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Discussion Starter #1
I've been researching the Niro in prep. to buy new or used. Just came across a thread in 2017 forum about a "stutter" or "jerk" some owners have experienced that service departments apparently have no solution for.
Has anyone with a new 2018 experienced this?

Thanks for your input from a newbie.

Robert B.
Snellville, GA
 

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I've been researching the Niro in prep. to buy new or used. Just came across a thread in 2017 forum about a "stutter" or "jerk" some owners have experienced that service departments apparently have no solution for.
Has anyone with a new 2018 experienced this?

Thanks for your input from a newbie.

Robert B.
Snellville, GA
The Niro uses a dual clutch transmission (DCT) which is an automated manual not an automatic with a torque converter. This is done to improve efficiency. Torque converters are very smooth but waste power. The Niro DCT combined with the electric motor is a marriage made in heaven. Motors can start with Max torque from zero rpm and thus no clutch slipping is needed to start moving. You can creep along all day in EV mode with no damage to the clutches.

There are times when this motor DCT combination can be felt, just like one can usually feel a manual transmission shift. I view it as a feature not a flaw. I like the feel. However, if you think you want a torque converter in your transmission, don't buy the Niro.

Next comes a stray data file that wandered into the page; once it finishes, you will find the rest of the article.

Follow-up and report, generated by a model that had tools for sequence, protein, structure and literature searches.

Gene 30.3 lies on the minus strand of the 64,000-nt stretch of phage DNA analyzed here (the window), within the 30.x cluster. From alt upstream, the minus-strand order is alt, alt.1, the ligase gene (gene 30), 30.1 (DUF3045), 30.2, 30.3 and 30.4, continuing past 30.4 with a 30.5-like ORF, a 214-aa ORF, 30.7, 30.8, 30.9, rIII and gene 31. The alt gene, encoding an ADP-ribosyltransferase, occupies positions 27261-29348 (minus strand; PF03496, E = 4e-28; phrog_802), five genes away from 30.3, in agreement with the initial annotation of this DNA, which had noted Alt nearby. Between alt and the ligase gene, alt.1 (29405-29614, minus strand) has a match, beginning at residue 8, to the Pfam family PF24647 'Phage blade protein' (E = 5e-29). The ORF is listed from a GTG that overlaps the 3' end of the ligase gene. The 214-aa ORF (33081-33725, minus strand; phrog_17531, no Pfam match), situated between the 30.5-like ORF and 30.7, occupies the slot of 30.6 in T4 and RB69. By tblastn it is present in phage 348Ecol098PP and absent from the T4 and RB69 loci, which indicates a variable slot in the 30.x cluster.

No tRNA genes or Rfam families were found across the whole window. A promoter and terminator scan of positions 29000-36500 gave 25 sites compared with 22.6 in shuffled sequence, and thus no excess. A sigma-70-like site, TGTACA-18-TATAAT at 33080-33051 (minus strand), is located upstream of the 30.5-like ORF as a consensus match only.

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The Niro uses a dual clutch transmission (DCT) which is an automated manual not an automatic with a torque converter. This is done to improve efficiency. Torque converters are very smooth but waste power. The Niro DCT combined with the electric motor is a marriage made in heaven. Motors can start with Max torque from zero rpm and thus no clutch slipping is needed to start moving. You can creep along all day in EV mode with no damage to the clutches.

There are times when this motor DCT combination can be felt, just like one can usually feel a manual transmission shift. I view it as a feature not a flaw. I like the feel. However, if you think you want a torque converter in your transmission, don't buy the Niro.
You might be interested to know a little more about the motor DCT capabilities.

Given

Motor torque 125 ft lb 0-2500 rpm
DCT 1st gear final ratio, ~16:1, 6th gear ratio ~2:1
60mph tire rpm, ~800

starting torque at the wheels, ~2000 lb, (0 to 30 mph pretty good)
70mph 6th gear, motor ~2000 rpm, 250 ft lb at the wheels (250/3500=.07, 7% grade)

EV mode performance, not Tesla like, but capable.
 

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There is no stutter. Rather there can be a pause trying to do a fast start after taking your foot of the brake until the motor engages (nothing to do with the DCT which is already in gear). Seems to be by design engineering wise and software controlled. Early models received a firmware update that alleviated this issue but did not eliminate it. I haven't experimented myself with this, but Sport mode sharpens the responsiveness, and may help reduce any pause. Another thing one could try is launch control, left foot on brake and right foot on accelerator.